I mentioned a few days ago that the team has been immersed lately in improving the Office 2007 keyboard model. We got a lot of constructive feedback around the model from Beta 1 and so we're hard at work addressing it for Beta 2.

Today, I want to just throw out a minor but important detail of the overall design for discussion to see what you think.

As I mentioned in my original post on the keyboard model, the first step of using the keyboard with the Ribbon is pressing a letter to navigate to the tab which contains the control you want to use. For instance, many apps have a Review tab, and pressing ALT+R puts you in a mode to access the commands on the Review tab with the keyboard by pressing subsequent letters.

One of the questions we're trying to answer is: What letter should we use for the first tab of each of the Office 2007 programs?

Allow me to lay out the pros and cons of some of the myriad possibilities.

The first decision: is it important that the first tab of all Ribbon apps share the same accelerator?

The argument for yes says that certain commands, such as the Clipboard, Find, Bold, and Italic are almost always on the first tab and therefore if you assign the same letter to the first tab everywhere, then keyboard accelerators are more portable across apps.

The counter-argument is that the majority of the features present on the first tabs are actually different--Excel has Sort and Conditional Formatting, while Word has Styles and PowerPoint has Slide Layout. And the commands which are consistent already have well-known keyboard shortcuts (CTRL+F, CTRL+B, CTRL+I, CTRL+X, etc.)

If you do want a common first tab letter, the first thing that comes to mind would be to pick a letter with a mnemonic hook. For instance, "F" is good for File because it's the first letter of the word. However, the names of the first tabs of each of the apps don't have any letters in common. Word is "Write," Excel is "Sheet," PowerPoint is "Slides," Access is "Data." And Outlook's are totally variable based on the item type. So using a letter present in all of the words would be impossible, because there aren't any.

Maybe instead we should optimize around picking a common letter that's easy to type; after all, probably 90% of keyboard accelerators in Office 2007 will start with this keystroke. Millions of people will type it millions of times a day.

So maybe something on the home row of the keyboard? Something on the left side so that you can hold on to the mouse? Dig up the research about which letters are easiest to type? "F" and "J" have the little "home row" dots on them, but F is used for File. Wouldn't people laugh at us if we gave the first tab "J" even if there's a good reason?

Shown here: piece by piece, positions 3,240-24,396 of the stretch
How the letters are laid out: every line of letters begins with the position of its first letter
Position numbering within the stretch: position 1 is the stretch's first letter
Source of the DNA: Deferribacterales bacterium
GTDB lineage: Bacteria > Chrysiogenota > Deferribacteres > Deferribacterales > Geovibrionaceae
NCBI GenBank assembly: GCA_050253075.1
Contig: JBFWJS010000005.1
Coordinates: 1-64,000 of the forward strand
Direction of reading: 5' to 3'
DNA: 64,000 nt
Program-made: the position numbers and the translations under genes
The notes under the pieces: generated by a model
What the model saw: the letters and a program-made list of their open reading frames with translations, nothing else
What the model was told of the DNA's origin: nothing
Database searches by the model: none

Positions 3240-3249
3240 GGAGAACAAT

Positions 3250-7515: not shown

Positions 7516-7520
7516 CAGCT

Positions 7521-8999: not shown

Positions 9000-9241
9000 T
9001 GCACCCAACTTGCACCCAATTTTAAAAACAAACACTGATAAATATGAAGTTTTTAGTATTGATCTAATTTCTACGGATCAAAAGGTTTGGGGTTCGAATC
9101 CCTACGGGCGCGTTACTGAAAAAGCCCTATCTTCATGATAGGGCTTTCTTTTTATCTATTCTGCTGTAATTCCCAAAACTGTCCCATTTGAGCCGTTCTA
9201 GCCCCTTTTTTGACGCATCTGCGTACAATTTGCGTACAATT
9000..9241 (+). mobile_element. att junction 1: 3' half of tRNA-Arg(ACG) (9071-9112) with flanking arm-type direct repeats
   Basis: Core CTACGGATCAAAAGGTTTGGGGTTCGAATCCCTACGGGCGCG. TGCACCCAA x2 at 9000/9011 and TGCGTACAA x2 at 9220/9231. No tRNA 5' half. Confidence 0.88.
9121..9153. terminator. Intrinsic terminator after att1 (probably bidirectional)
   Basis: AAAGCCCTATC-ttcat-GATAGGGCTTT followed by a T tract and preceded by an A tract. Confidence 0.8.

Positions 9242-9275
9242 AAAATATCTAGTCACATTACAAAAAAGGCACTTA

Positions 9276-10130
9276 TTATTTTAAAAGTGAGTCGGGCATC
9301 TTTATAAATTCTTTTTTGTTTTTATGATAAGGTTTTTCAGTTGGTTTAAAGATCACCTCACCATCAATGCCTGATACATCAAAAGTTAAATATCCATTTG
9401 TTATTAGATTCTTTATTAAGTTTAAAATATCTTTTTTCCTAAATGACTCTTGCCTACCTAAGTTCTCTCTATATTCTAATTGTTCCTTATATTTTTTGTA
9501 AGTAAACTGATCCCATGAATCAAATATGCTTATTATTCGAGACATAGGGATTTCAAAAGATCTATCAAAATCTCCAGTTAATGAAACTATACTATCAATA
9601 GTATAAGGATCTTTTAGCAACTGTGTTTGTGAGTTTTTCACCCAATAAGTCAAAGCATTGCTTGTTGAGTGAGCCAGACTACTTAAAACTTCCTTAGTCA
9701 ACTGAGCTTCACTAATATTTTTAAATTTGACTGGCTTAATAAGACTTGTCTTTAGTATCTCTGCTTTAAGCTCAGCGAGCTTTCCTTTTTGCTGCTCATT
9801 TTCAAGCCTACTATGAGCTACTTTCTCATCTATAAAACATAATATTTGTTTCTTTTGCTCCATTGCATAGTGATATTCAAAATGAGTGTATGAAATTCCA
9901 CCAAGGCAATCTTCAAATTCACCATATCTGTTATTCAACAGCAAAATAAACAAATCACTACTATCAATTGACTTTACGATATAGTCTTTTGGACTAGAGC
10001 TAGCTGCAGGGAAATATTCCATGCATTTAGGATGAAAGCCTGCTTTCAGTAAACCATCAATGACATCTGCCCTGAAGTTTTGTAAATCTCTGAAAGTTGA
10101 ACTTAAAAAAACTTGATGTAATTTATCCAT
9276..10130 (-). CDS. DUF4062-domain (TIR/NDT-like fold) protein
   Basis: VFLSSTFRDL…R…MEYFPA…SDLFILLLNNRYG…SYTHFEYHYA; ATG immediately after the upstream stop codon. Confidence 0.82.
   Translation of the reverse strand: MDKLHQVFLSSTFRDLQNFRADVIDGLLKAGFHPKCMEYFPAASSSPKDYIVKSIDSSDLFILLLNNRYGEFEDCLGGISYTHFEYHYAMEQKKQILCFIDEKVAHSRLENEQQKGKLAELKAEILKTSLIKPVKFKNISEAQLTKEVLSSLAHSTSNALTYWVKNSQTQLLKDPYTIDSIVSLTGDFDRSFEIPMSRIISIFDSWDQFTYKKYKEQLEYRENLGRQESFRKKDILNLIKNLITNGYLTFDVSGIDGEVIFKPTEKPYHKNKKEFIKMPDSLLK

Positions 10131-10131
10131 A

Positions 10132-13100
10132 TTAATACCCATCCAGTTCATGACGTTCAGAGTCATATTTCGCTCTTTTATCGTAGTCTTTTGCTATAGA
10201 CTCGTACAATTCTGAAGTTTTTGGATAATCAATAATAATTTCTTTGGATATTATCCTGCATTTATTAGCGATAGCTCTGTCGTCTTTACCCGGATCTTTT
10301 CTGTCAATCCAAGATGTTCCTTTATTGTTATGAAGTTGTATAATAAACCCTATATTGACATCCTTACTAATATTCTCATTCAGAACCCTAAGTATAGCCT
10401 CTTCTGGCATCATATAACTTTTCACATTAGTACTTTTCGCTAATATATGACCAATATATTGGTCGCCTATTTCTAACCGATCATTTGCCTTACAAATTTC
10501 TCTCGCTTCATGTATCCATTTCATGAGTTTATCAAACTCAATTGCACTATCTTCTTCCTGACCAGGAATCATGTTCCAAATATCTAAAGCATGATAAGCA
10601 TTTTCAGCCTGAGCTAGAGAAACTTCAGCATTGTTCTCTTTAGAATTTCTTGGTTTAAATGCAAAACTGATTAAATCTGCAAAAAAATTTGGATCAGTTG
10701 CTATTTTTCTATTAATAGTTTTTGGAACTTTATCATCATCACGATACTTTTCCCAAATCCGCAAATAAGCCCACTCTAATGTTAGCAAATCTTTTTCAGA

"H" is another possibility, since it's easy to type, you could imagine it stands for "Home," and sometimes we think of the first tab as the "home tab" because it's where you will spend most of your time.

Or maybe you go with "S" because it is the first letter of the name of two of the first tabs (in Excel and PowerPoint). But, if you get used to hitting ALT+S to access the most common commands, you might get tripped up because in Outlook, the same shortcut immediately sends the e-mail you're working on. So maybe "S" isn't the best idea either.

Maybe we should use some other easy-to-type combination, say ALT+SPACE or ALT+ENTER or ALT+ALT even. Unfortunately, all of them already have well-established behaviors in Windows or Office which cannot be changed.

There are other factors which go into the design as well, such as localization issues and the fact that some of the letters are reserved and cannot be used. But for simplicity's sake I won't get into those here.

So, what should we do? Is it important that the first tabs share a common letter, and if so, which one should we use? Or, should we pick the letter which works best for each program (probably mnemonically) and have inconsistency between the apps? Or something else we haven't thought of yet?

Which letter is better?